This summer I was given the opportunity to work for my dad, who is a prominent Professional Planner in New Jersey. In order to save some time for himself, he would have me go around and take photos of all the job sites that he has. He would use these photos to show to the board what the sites currently look like and also what was around the site. This job allowed me to see many places in New Jersey that I would have never been able to see. Because I was able to see so much, I was able to find out some places that I truly thought were beautiful and others that I knew I really didn’t like.

One of the first sites I had to visit for my dad was in Tewksbury NJ and to this day it is my favorite site I’ve been to. The site, which was actually an estate owned by one of the children of Robert Wood Johnson was applying to have solar panels installed on the back of the property. The location of the panels was out of site of the road, which was one of the main concerns that the town had. The town wanted to preserve the natural beauty of the land, which was unchanged for at least a century. Driving to the site I went through beautiful historic farm districts with large houses that must have been built in the early 1900’s. When I actually pulled up to the site, there was a long driveway lined with hundred-year-old trees that wrapped over your head as you drove along.

Another of my favorite sites to see in New Jersey was the BASF headquarters in Woodbridge. Instead of the natural beauty of the previous site, this site has man made architectural beauty. The building is located in the MetroPark complex right off the parkway. There is also an attached train station, making it a prime location for commuters. I was visiting this site because BASF needed an approval to put more signage on their building. The building itself is tall, but really isn’t anything fancy. I think what I loved most is the modern aspect of the building and the different color blue windowpanes. The building itself gave off an atmosphere of power and success.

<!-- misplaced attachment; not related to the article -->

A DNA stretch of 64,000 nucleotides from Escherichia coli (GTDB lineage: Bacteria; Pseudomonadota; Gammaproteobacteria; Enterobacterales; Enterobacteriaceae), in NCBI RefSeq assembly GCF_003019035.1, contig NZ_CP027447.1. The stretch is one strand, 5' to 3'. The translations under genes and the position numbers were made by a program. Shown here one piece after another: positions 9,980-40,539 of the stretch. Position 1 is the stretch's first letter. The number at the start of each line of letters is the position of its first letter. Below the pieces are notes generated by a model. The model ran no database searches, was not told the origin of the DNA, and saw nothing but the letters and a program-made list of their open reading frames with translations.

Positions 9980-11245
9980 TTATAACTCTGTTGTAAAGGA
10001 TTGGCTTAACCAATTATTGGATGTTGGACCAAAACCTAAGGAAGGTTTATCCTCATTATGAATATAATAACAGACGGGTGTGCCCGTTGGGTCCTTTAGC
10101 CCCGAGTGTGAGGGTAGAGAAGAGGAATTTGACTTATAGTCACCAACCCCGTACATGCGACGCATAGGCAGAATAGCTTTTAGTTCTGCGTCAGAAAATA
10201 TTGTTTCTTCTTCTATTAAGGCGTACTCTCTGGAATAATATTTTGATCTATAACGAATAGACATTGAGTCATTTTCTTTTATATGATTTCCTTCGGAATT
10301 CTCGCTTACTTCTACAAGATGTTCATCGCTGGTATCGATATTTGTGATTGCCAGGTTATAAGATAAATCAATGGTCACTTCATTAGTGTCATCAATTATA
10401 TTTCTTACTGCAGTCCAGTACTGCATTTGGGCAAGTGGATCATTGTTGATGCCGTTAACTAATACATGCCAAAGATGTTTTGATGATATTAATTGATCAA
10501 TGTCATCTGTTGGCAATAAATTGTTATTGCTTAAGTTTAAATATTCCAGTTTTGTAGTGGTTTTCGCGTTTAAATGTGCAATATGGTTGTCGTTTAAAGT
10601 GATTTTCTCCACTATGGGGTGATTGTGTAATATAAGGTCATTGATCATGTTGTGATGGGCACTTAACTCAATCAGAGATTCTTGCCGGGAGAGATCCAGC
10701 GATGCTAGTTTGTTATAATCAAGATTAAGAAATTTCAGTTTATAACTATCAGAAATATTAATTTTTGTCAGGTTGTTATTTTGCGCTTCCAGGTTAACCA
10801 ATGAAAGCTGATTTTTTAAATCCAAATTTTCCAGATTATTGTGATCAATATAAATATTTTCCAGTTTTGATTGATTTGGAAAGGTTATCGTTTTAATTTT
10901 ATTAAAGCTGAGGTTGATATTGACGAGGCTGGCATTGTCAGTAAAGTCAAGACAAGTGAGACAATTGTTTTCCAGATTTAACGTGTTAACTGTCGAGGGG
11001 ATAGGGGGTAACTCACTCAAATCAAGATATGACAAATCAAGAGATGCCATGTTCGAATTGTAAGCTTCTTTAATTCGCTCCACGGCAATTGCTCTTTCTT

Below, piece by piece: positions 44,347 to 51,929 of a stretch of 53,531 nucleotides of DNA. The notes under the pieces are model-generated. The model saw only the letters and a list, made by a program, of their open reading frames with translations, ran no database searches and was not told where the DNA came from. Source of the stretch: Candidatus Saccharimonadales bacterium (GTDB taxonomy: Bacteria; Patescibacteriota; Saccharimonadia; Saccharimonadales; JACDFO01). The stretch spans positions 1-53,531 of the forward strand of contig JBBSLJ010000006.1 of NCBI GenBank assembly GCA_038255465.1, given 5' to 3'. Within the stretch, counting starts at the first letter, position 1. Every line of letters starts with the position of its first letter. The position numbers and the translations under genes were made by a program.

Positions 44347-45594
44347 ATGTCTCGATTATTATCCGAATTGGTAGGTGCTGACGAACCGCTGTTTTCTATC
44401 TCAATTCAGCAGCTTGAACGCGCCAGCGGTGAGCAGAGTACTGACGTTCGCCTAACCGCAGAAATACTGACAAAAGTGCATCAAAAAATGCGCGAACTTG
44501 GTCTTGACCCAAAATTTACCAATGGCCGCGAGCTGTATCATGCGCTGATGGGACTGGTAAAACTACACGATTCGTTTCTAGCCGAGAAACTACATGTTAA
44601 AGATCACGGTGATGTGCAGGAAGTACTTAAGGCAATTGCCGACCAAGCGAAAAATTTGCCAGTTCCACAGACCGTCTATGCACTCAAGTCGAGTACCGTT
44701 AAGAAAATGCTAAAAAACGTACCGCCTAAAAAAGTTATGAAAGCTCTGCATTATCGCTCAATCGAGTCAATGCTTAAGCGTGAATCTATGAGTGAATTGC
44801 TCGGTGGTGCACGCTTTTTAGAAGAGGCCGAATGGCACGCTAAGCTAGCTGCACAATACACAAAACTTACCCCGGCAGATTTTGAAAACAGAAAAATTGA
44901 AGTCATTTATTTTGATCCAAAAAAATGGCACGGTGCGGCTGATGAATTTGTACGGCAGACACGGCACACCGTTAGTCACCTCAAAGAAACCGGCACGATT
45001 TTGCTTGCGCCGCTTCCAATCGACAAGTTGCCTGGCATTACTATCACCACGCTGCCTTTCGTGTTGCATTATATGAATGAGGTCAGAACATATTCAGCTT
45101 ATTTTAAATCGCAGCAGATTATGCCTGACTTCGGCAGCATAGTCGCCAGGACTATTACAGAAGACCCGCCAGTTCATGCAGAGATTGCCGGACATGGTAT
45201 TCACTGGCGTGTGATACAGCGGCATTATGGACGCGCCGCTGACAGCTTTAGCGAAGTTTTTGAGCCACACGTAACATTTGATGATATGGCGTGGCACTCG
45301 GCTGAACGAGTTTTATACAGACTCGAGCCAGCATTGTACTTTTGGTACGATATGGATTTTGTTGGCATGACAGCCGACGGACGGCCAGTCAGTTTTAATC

A lot of the sites that I visited for my dad were sites that I did not like. Fortunately most of the sites were in the process of being cleaned up, with new, more appealing buildings being proposed to the town. Most of the sites that I just did not like were inner city sites. I didn’t like the dirtiness that surrounded them. Personally, I like buildings and landscapes that appeal to the eye.

There was a site in West New York, NJ that really stood out to me. West New York is such a beautiful place, with a road that follows the Hudson with a great view of the New York City skyline. But once you move inward in the city, although the people are nice, the architecture is old and run down. This particular site had a demolished building on it and an abandoned warehouse next to it. It just really was ugly to the eye. The sloppily placed fences and bordered up windows were not appealing to the eye either.

Another site that I really liked taking pictures of was an old abandoned factory in Newark. The site is right off of Route 280 and I really like it because I can say I did work on a building that thousands of people see everyday. The proposed use of the site is a U-Haul with self-storage, but the current building was really run down. It is located on the outskirts of Newark. The ugly brick color of the building and the dirtiness of the city really turned me off of this site.

A lot of the sites that I visited for my dad were sites that I did not like, but mostly because they were run down. Fortunately most of the sites were in the process of being cleaned up, with new, more appealing buildings being proposed to the town. Most of the sites that I just did not like were inner city sites. I didn’t like the dirtiness that surrounded them. Personally, I like buildings and landscapes that appeal to the eye. Sites with a good natural landscape and and good architecture make me much more attracted to them. Each place in New Jersey has its own personality and planning is important in order to keep that personality over the years.

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